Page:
2 S.F. lawmakers push bills to slow Ellis Act evictions
John Coté : sfgate – excerpt
(02-24) 11:04 PST SAN FRANCSICO — San Francisco’s housing crunch has reached Sacramento.
Faced with a surge in evictions and stratospheric prices for homes and apartments, two San Francisco lawmakers are now pushing separate bills in an effort to amend the state law that property owners used to evict hundreds of households in the city over the last year, often to put the apartments up for sale.
State Sen. Mark Leno, D-San Francisco, is introducing a bill Monday at the request of Mayor Ed Lee that is designed to prevent speculators from buying up apartment buildings, kicking out the tenants, and flipping the units for sale.
Leno’s bill, which would apply only to San Francisco, would force buyers to own a building for at least five years before they evict tenants using the Ellis Act, a state law that allows an owner to kick out renters if he or she takes the building off the rental market… (more)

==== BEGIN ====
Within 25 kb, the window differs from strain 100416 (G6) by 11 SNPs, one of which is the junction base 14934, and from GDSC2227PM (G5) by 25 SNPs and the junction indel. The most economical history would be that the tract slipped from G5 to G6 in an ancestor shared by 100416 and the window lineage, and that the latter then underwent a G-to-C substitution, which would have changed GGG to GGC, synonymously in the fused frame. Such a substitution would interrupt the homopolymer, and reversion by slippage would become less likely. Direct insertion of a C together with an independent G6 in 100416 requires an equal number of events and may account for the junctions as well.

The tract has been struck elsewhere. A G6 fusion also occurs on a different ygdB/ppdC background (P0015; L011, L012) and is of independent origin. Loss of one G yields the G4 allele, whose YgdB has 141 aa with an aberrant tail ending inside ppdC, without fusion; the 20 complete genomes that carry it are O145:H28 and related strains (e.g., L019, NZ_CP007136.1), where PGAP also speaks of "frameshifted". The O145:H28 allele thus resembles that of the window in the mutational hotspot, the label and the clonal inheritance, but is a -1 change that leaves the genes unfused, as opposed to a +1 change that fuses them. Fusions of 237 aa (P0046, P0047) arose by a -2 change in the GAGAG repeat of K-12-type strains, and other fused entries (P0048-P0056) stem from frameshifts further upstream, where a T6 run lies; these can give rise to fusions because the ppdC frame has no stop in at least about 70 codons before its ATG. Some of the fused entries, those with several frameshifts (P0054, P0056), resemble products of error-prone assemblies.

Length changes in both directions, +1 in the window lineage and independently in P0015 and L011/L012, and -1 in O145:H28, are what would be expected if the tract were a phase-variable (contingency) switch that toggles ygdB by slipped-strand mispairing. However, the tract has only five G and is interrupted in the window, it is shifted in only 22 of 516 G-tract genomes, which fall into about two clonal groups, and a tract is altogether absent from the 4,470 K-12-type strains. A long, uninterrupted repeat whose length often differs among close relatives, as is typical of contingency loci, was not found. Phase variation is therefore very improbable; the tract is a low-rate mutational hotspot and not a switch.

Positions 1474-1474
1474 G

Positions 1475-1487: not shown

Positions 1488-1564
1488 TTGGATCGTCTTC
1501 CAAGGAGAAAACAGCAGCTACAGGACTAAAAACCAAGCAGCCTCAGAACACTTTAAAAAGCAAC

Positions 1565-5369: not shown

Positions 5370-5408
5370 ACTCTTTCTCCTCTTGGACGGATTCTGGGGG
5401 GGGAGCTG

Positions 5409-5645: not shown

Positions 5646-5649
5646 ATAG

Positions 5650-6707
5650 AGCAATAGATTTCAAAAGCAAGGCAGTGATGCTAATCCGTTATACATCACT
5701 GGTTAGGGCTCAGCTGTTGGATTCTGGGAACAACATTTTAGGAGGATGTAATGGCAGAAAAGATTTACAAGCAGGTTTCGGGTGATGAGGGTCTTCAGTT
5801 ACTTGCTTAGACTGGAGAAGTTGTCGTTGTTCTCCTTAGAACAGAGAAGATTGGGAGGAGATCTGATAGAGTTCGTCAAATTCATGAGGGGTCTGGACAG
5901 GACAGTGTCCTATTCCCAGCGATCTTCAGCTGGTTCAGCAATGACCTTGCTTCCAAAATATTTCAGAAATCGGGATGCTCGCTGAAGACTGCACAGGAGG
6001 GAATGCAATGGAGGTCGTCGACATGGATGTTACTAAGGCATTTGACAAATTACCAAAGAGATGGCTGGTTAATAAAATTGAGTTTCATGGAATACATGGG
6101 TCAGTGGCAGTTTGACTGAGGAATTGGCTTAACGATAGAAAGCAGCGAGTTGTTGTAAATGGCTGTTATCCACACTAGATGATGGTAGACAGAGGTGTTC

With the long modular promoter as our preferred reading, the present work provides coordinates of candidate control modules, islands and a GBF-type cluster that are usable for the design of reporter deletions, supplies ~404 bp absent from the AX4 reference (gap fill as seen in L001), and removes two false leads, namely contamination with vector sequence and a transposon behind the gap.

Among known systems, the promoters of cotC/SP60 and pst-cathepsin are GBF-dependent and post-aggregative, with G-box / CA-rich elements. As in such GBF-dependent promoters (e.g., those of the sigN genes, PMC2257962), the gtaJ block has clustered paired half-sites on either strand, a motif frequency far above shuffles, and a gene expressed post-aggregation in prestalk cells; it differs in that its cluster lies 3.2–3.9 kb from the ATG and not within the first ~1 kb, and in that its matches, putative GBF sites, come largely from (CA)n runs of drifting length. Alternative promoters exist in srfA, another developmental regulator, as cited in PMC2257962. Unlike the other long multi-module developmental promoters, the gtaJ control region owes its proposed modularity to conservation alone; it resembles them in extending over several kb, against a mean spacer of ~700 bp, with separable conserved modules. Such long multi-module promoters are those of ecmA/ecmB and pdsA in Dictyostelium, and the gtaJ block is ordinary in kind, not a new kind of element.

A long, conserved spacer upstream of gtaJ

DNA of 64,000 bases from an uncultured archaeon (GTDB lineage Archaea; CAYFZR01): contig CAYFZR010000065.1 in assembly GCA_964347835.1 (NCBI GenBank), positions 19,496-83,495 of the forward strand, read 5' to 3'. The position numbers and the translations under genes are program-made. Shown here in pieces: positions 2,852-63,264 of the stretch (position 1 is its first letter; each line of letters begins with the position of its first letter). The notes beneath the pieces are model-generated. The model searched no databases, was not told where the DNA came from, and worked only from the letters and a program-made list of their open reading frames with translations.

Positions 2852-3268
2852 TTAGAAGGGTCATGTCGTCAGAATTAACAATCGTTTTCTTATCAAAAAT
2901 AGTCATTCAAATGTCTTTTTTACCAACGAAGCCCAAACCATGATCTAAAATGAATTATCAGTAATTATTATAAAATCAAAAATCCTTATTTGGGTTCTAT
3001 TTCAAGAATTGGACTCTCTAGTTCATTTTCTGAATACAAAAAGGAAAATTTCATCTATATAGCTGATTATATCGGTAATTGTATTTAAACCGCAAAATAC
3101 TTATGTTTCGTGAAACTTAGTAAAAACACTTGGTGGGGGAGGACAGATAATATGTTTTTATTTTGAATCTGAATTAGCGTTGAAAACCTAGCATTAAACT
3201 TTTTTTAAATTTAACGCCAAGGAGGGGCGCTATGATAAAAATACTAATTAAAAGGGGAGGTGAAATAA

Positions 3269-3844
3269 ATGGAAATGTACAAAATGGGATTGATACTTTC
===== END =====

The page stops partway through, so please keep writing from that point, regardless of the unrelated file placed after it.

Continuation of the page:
This seems like the first reasonable approach that should curb flipping houses, and could calm the rate of increasing costs.
Bill to allow moratoriums
State Assemblyman Tom Ammiano, D-San Francisco, on Friday introduced a bill that would allow local jurisdictions – through the Board of Supervisors or a public vote – to enact a moratorium on Ellis Act evictions when the housing supply can’t keep pace with demand. Ammiano’s bill, AB2405, would also hide no-fault evictions from tenant records or credit checks… (more)
The problem with a moratorium is that is the way we got here in the first place. Turning development on and off rather than regulating it and allowing a slower constant pace makes it easier for communities to absorb changes.